How is some aspect of this story a reflection of your life or career? What is a memory that demonstrates how persistence has paid off in your own career or personal life? What is one step you could take to help yourself to become more persistent?
Author’s Take
Persistence is key. Those with it have a far better chance of succeeding than those without it. It is obviously important, but a quality many people lack. It is also a quality that we can cultivate in ourselves.

Ghosting
About the Story
In a single word or phrase, what is this story about? What struck you about this story? What do you think happened in Gene’s life that led him to become the person he became? What else is this story about?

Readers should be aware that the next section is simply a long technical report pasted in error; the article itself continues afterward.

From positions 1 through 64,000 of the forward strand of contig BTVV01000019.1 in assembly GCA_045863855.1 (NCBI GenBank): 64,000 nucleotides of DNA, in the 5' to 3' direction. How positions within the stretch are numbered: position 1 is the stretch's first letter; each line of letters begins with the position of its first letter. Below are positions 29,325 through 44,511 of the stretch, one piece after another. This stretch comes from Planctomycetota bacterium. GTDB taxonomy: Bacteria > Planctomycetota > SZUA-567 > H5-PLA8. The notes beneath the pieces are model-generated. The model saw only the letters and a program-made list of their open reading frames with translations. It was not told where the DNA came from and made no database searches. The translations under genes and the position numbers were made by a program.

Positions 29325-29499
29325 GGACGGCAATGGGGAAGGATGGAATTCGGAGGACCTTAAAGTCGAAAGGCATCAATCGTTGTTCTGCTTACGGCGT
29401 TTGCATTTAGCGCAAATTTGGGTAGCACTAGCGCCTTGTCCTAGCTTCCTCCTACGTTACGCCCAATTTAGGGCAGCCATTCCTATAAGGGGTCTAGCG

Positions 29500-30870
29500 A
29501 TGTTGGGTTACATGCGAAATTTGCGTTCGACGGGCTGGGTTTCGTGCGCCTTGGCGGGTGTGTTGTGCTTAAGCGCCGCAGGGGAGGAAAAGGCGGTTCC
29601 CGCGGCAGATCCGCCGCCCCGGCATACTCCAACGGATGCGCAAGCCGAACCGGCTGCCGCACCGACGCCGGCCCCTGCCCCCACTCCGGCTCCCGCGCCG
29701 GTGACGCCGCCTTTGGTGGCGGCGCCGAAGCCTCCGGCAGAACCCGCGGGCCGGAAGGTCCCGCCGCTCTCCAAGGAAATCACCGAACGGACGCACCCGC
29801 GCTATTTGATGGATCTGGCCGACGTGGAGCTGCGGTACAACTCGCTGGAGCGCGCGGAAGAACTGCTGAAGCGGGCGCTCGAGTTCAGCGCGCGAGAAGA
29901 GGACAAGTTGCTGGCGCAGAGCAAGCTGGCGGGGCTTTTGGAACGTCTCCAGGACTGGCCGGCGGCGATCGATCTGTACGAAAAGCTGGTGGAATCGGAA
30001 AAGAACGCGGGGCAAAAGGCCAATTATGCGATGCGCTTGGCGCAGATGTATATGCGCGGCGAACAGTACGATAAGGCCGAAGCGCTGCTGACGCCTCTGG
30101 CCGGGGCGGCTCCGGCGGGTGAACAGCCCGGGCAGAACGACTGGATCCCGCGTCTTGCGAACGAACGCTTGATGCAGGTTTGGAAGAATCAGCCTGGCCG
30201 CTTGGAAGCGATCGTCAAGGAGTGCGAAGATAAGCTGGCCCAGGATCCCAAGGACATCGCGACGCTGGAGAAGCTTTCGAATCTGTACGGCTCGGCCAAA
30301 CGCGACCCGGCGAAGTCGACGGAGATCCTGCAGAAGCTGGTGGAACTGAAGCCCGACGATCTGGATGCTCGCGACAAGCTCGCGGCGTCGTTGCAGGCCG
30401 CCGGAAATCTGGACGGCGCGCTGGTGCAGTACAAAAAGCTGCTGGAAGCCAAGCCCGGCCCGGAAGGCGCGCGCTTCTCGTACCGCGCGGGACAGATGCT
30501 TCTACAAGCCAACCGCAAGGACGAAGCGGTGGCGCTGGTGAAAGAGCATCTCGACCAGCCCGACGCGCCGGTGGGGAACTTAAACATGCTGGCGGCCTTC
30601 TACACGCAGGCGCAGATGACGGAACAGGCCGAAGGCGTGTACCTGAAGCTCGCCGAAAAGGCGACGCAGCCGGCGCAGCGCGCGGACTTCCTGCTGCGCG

Bringing It Home
How is some aspect of this story a reflection of your life or career? What does integrity mean to you? What are the signs of a person of integrity? What is a positive memory of a time you did something of integrity?
Author’s Take
Integrity matters. Not always, but if a person is cheating multiple times on his or her spouse, it is a good bet they will be cheating the company as well. If a person complains to you about everyone he or she knows, chances are that person complains about you as well. After all, you get what you see. A person of integrity is easy to spot over the long haul. Little things make up a breadcrumb trail to the big things.

Dead Serious
About the Story
In a single word or phrase, what is this story about? What struck you about this story? What are some of the factors you see in this story that led Sue to consider suicide? Could something like this actually happen? What else is the story about?